Notre Dame seeks to change growing narrative in Rose Bowl

Clemson Athletics photo / Quarterback Ian Book and the Notre Dame offense produced just 263 total yards against K.J. Henry and the Clemson defense during the ACC title game won by the Tigers 34-10.
Clemson Athletics photo / Quarterback Ian Book and the Notre Dame offense produced just 263 total yards against K.J. Henry and the Clemson defense during the ACC title game won by the Tigers 34-10.

Notre Dame football coach Brian Kelly is well aware of the portrayal of his No. 4 Fighting Irish as they prepare to clash with No. 1 Alabama on Friday afternoon in the Rose Bowl national semifinal at AT&T Stadium in Arlington, Texas.

The conversation has been consistent since the 34-10 loss to Clemson in the Atlantic Coast Conference championship game on Dec. 19, which was followed a day later by the Rose Bowl pairing and the Crimson Tide immediately being installed as 20-point favorites. It has been the largest line since the implementation of the College Football Playoff in 2014, and it has continued the image of Notre Dame having a steel ceiling when it comes to facing the national elite.

Kelly's Irish did topple Clemson 47-40 in double overtime during the regular season, when the Tigers were without star quarterback Trevor Lawrence due to a positive COVID-19 test, but the ACC title result was too reminiscent for many of the 30-3 drubbing that Dabo Swinney's Tigers applied in the Cotton Bowl semifinal of the 2018 season.

"That's why we go to work each and every day - to put ourselves in this position, and we're going to keep knocking at the door," Kelly said Thursday. "We don't listen to the narratives of what Notre Dame can and can't do. We're just excited that we're going to keep banging at this door, and we're going to get through.

"We're going to keep putting ourselves in this position, and we're excited about this opportunity that we've got."

This is Kelly's second crack at Nick Saban's Crimson Tide, with the first encounter having produced Alabama's 42-14 win in the BCS title game of the 2012 season. The Tide led that game 35-0 midway through the third quarter.

That outcome served as the launching point of the narrative Kelly is having to combat, and his 43-7 record since the 4-8 debacle season of 2016 has been accompanied by one blowout loss a year. It was Miami that applied a 41-8 battering that somewhat soured a 10-3 rebound season in 2017, and Clemson's Cotton Bowl cruising two years ago resulted in a 12-0 Notre Dame looking completely outmatched.

Notre Dame dropped a second close call to Georgia in three years early last season but abruptly fell from the national picture with a 45-14 loss to Michigan.

"To be able to be in the playoffs twice in my career is unbelievable," fifth-year senior quarterback Ian Book said. "We've got a great program here at Notre Dame that gets it done, but we've got to go finish it. We were able to get there in 2018, but we didn't finish the deal.

"We've got another opportunity now with a lot of guys who played in that game and are now more mature and better football players, and we've had a bad taste in our mouths since that game."

Alabama has won six national championships since Notre Dame's most recent title in 1988, with five of those crowns occurring under Saban. This Tide team became the first in Southeastern Conference history to win 10 regular-season contests against league foes, and they won each of those games by at least 15 points.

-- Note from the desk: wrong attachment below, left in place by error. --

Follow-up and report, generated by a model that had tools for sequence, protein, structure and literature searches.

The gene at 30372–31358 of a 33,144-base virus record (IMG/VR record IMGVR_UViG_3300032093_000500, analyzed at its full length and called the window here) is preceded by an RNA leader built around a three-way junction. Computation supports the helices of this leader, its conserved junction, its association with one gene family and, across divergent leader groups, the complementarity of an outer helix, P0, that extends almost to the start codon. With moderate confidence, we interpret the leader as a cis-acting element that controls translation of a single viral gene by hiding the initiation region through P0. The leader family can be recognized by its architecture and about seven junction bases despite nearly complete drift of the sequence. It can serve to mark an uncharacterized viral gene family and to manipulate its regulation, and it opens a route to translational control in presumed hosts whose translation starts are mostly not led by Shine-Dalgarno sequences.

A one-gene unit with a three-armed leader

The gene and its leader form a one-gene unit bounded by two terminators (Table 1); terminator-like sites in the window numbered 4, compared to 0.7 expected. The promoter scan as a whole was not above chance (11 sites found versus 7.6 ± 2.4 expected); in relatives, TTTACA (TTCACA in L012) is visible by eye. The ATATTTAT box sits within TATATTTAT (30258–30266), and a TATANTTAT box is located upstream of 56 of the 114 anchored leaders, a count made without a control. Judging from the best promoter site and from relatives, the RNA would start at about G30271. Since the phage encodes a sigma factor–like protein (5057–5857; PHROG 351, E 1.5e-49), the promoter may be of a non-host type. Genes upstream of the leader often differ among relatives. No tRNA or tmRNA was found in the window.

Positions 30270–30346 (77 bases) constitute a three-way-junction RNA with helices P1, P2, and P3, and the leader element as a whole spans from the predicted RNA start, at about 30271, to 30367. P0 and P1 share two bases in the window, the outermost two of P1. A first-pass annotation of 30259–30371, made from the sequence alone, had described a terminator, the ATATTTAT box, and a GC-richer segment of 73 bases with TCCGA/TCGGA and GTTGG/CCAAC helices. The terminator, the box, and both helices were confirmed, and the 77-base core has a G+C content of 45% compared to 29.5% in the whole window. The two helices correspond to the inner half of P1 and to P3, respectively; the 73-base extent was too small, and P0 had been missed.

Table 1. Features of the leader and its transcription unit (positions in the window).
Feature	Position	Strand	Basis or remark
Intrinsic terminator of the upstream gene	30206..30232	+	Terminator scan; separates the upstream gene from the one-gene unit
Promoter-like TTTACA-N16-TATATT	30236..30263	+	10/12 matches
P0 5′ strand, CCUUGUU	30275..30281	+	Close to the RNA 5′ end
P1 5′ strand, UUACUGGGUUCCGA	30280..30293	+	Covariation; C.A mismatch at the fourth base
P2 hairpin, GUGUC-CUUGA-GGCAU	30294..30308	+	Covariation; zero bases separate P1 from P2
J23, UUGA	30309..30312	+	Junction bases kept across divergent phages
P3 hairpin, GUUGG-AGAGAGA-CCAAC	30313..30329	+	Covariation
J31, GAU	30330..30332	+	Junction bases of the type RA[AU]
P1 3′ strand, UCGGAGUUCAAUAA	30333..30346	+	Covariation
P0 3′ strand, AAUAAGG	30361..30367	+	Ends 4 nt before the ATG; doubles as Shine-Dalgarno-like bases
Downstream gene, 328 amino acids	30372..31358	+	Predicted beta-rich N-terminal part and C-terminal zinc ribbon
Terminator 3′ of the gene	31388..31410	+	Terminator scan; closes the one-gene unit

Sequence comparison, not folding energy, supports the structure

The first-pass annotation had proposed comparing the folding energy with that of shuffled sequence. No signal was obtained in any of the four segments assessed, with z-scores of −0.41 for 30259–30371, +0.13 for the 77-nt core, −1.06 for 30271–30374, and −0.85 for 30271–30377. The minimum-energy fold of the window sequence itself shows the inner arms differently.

A 52-46 outlasting of Florida in the SEC title game provided a tougher test for Alabama, and Saban hasn't been dwelling this week on the 2012 national title matchup with Notre Dame or the 20-point spread for the Rose Bowl.

"I always tell our players that we really shouldn't listen to what people say externally and to stay focused on what you have to do internally to be able to play your best football," Saban said. "This program is built on players being accountable to do their jobs at a high level and to be accountable to each other.

"Really, what other people think and say doesn't have anything to do with the outcome of the game, so we want to stay focused on the things that we have to do to get the proper outcome for our team with great respect for the team we have to play."

Alabama and Notre Dame have revealed good news this week in the battle against the coronavirus, with Saban on Thursday saying: "We haven't had any problems to this point, and I always knock on wood when I say that. Everybody who we expected to be on the trip will be on the trip."

So now it's up to the players to determine whether Alabama can take another step to another title or whether Notre Dame can shatter its perceived ceiling.

"It starts with believing," Book said. "We believe we can win the national championship this year, and that's where it matters and that's where it starts. It's just an unbelievable opportunity for this team."

Vols sign Brooks

Tennessee on Thursday announced the signing of outside linebacker Dylan Brooks of Roanoke, Alabama.

Brooks committed to the Volunteers in late April and quietly signed during December's early period. The 6-foot-5, 250-pounder from Handley High School is the nation's No. 3 weakside defensive end and No. 51 prospect overall in the composite rankings, making him the Vols' highest-rated signee for the 2021 cycle.

Contact David Paschall at or 423-757-6524. Follow him on Twitter @DavidSPaschall.

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